Aside from that, it will be a TV day here in Clolula. We are watching the Scotties curling semi finals and the Daytona 500 is about to start with Danica Patrick in the pole position. After that the Canucks are playing hockey. So much for the day. Come to think of it, I will not have time for the hood waxing.

Life is good.

Saturday, February 23, 2013

A Little Corn Fungus For Lunch?

I have been wanting to try a Mexican dish called Huitlacoche for some time now. Our friends Chris and Juan tried to describe it to me but it is just one of those things you have to try yourself.

It is the result of Corn Smut, a plant fungus that causes smut disease in corn. This disease causes galls to form on all above ground portions of the corn. Some Mexican corn crops are intentionally infected with the disease and the galls are harvested just before maturity. When cooked they have a mushroom like flavor, "sweet, savory, woody, earthy".

Attempts have been made to introduce huitlacoche into the USA market but for some reason, it has not been quickly accepted. The US Government was hesitant to allow intentional infection of corn crops after having spent millions to eradicate the very same disease in domestic corn crops. An attempt by Chef James Beard to popularize huitlacoche met with mixes reviews, even though he called it "American Truffles".

Anyway.... I decided that if I ever saw the dish, I would try it. After all, I love mushrooms of all varieties so why not? A mushroom is basically a fungus.

Today, I was put to the test. Vitterio's Restrante Italiano, a nice open air restaurant on the Zocalo had Lasagna de Huitlacoche! I told the waiter I wanted to try it and questioned him on the taste, He told me that he liked it and was sure I would as well. Good enough for me! I ordered it thinking it was only 100 pesos so if it was that horrible, it was not a huge loss.

Well, first off, it was black and left little spores stuck to the plate. I took a photo for you and then cut it up into bite size pieces and took another photo. Then I had a half of one of those pieces. It was "OK", different but not repulsive. I had a bigger piece and it was actually pretty good. It tasted kind of like mushrooms but not quite. The texture was mushroom-like. The third bite was good. I finished the plate and even wiped up the spores with a piece of bread. The waiter asked how I liked it and when I told him, he said, "I knew you would"! I will have it again, maybe in a dish that includes tomato sauce.

Here is the fungus on an ear of corn. Delicious looking, eh?

Friday, February 22, 2013

Puebla Centro Historico

Puebla was one of the main Spanish Colonial cities in Mexico. It was founded in 1531 in an area called Cuetlaxcoapan, which means "where serpents change their skin". The land was previously uninhabited but centered between two large indigenous areas. This new city was named Puebla de los Angeles "City of Angles" because the Bishop Julián Garcés said a flock of angles told him to build here. First attempts to inhabit the city failed because of constant flooding of the nearby river. The city was designed in the classic Spanish style with a central Cathedral and a Zocalo or central square.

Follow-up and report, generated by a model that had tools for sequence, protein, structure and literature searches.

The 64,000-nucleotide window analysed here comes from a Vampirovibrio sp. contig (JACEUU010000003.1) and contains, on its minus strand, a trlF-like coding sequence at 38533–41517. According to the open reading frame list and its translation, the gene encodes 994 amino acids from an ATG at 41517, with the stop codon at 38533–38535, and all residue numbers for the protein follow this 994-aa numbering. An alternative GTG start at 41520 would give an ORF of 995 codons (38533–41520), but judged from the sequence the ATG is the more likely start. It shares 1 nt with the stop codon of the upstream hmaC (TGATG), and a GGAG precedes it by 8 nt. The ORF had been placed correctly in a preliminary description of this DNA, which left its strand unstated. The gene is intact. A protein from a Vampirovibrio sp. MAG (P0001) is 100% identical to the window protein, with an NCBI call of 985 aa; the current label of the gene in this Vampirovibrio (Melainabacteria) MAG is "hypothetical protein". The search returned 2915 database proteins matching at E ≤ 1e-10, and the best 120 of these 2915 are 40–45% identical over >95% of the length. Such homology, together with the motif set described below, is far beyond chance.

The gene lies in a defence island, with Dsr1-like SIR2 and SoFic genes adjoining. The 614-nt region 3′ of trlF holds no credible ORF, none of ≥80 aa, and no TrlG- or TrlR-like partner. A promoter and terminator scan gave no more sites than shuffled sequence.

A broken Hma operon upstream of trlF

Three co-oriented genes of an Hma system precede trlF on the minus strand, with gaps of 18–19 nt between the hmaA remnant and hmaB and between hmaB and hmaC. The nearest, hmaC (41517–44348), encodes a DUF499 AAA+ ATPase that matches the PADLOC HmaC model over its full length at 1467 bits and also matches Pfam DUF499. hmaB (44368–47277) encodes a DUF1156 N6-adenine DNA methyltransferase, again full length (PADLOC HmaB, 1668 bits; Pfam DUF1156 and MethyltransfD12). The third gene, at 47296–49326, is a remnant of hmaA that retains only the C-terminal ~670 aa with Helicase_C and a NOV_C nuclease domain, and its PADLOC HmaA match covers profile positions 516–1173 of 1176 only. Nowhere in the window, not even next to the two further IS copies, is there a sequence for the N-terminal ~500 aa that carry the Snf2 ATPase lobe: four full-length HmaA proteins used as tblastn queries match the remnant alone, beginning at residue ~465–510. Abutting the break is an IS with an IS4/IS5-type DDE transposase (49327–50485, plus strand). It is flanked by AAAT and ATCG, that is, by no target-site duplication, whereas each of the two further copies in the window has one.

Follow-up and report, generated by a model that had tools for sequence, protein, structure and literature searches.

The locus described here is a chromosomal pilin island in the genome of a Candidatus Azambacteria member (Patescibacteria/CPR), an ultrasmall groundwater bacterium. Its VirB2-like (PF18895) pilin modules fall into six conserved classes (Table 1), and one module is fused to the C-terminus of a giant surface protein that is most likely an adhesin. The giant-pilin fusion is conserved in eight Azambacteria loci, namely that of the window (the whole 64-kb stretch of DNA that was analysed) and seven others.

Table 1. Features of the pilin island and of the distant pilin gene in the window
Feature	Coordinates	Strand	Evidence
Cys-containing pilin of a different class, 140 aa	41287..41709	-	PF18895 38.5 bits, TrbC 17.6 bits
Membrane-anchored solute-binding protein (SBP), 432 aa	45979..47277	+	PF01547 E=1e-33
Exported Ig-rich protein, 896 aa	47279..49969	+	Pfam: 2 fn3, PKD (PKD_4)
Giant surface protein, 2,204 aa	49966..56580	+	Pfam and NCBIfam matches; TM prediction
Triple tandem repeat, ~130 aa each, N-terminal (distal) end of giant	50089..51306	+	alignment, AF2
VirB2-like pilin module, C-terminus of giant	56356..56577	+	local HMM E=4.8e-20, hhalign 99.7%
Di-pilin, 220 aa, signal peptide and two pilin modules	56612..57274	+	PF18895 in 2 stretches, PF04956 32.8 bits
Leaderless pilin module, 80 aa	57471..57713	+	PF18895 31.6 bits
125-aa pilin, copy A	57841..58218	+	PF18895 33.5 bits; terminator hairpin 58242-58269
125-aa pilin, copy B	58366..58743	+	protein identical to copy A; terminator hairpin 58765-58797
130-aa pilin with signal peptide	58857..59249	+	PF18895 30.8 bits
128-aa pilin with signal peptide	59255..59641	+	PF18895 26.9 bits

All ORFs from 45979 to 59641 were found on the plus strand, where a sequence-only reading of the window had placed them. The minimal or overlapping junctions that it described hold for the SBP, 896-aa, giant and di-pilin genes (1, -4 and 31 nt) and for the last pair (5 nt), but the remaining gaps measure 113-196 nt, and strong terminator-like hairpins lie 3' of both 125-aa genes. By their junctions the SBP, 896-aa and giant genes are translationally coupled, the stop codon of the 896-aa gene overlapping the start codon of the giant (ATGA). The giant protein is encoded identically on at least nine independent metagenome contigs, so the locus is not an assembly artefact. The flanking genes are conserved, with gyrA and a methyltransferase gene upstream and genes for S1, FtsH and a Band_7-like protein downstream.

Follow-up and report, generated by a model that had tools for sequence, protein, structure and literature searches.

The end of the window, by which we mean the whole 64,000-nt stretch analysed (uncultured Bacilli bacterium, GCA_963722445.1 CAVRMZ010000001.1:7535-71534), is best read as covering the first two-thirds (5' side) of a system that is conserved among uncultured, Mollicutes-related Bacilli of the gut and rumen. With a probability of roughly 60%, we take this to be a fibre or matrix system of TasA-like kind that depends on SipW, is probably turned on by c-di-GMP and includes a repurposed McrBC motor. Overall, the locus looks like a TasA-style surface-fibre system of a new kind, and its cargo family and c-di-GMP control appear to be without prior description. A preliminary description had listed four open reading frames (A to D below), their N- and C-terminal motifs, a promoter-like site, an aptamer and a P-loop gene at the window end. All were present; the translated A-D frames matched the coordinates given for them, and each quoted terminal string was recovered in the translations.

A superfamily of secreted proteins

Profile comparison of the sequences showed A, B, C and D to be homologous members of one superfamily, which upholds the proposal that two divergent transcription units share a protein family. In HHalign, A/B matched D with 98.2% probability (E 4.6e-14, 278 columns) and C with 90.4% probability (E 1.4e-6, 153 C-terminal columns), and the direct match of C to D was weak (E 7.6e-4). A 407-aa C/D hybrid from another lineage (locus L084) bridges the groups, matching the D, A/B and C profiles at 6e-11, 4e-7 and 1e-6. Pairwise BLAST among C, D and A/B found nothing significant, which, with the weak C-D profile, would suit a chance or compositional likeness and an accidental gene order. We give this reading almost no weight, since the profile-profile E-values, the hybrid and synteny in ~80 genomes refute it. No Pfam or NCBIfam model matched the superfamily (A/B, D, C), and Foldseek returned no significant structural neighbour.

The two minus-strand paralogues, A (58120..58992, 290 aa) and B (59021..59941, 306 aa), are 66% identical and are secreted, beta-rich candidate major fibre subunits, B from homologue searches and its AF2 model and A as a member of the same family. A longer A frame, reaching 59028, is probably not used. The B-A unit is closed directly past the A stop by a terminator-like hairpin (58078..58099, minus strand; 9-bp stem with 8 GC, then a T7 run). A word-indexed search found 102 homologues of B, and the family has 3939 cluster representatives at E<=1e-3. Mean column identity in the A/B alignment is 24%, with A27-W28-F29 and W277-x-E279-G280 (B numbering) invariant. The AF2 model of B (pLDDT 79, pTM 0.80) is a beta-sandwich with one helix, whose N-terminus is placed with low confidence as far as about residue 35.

We drove to the Centro Historico after a late breakfast, found a convenient parking lot and started walking. We strolled down the main street until we got to the Zocalo. We explored around there, investigated the Cathedral and found a place for lunch. More on that later. Here are some of the photos I took along the way.

Reforma Street

Morales, Hero of the Revolution. Keeping watch over the Hall of Justice.

Brick and Talavera tile wall. Amazing! The whole building front is done in it!

Law Library at the Justice Ministry (the guard invited me in and allowed a flash-less photo)

The Zocalo with the Cathedral in the background.

Thursday, February 21, 2013


We finally got the Onan repairs organized for next week and can get out and about. We dropped the laundry off (10 pesos $.80 per kilo to wash, fold and bag) and headed to downtown Cholula for lunch and a walk. We stopped at a street side cafe for crepas where Norma had miel y limon (honey and lime) and I had cream cheese and blackberry. We shared each order and mine were by far the best. With coffees the bill was 108 pesos ($8.20). The Zocalo was being worked on as the cobblestones were being replaced with paving stones. It was a little dusty and noisy as a result but very nice nonetheless.

The "Church on The Hill" Actually disrespectfully built on top of a pre-Aztec Pyramid that they "thought" was a "hill". Would the Catholic Church lie?

A tile fronted building. Beautiful!

A Cuban butcher shop.

The Jardine (Gardens)

Ice cream anyone?

Fresh potato chips? Delicious and 22 pesos a bag.


Local church with a fresh paint job.

From our lunch table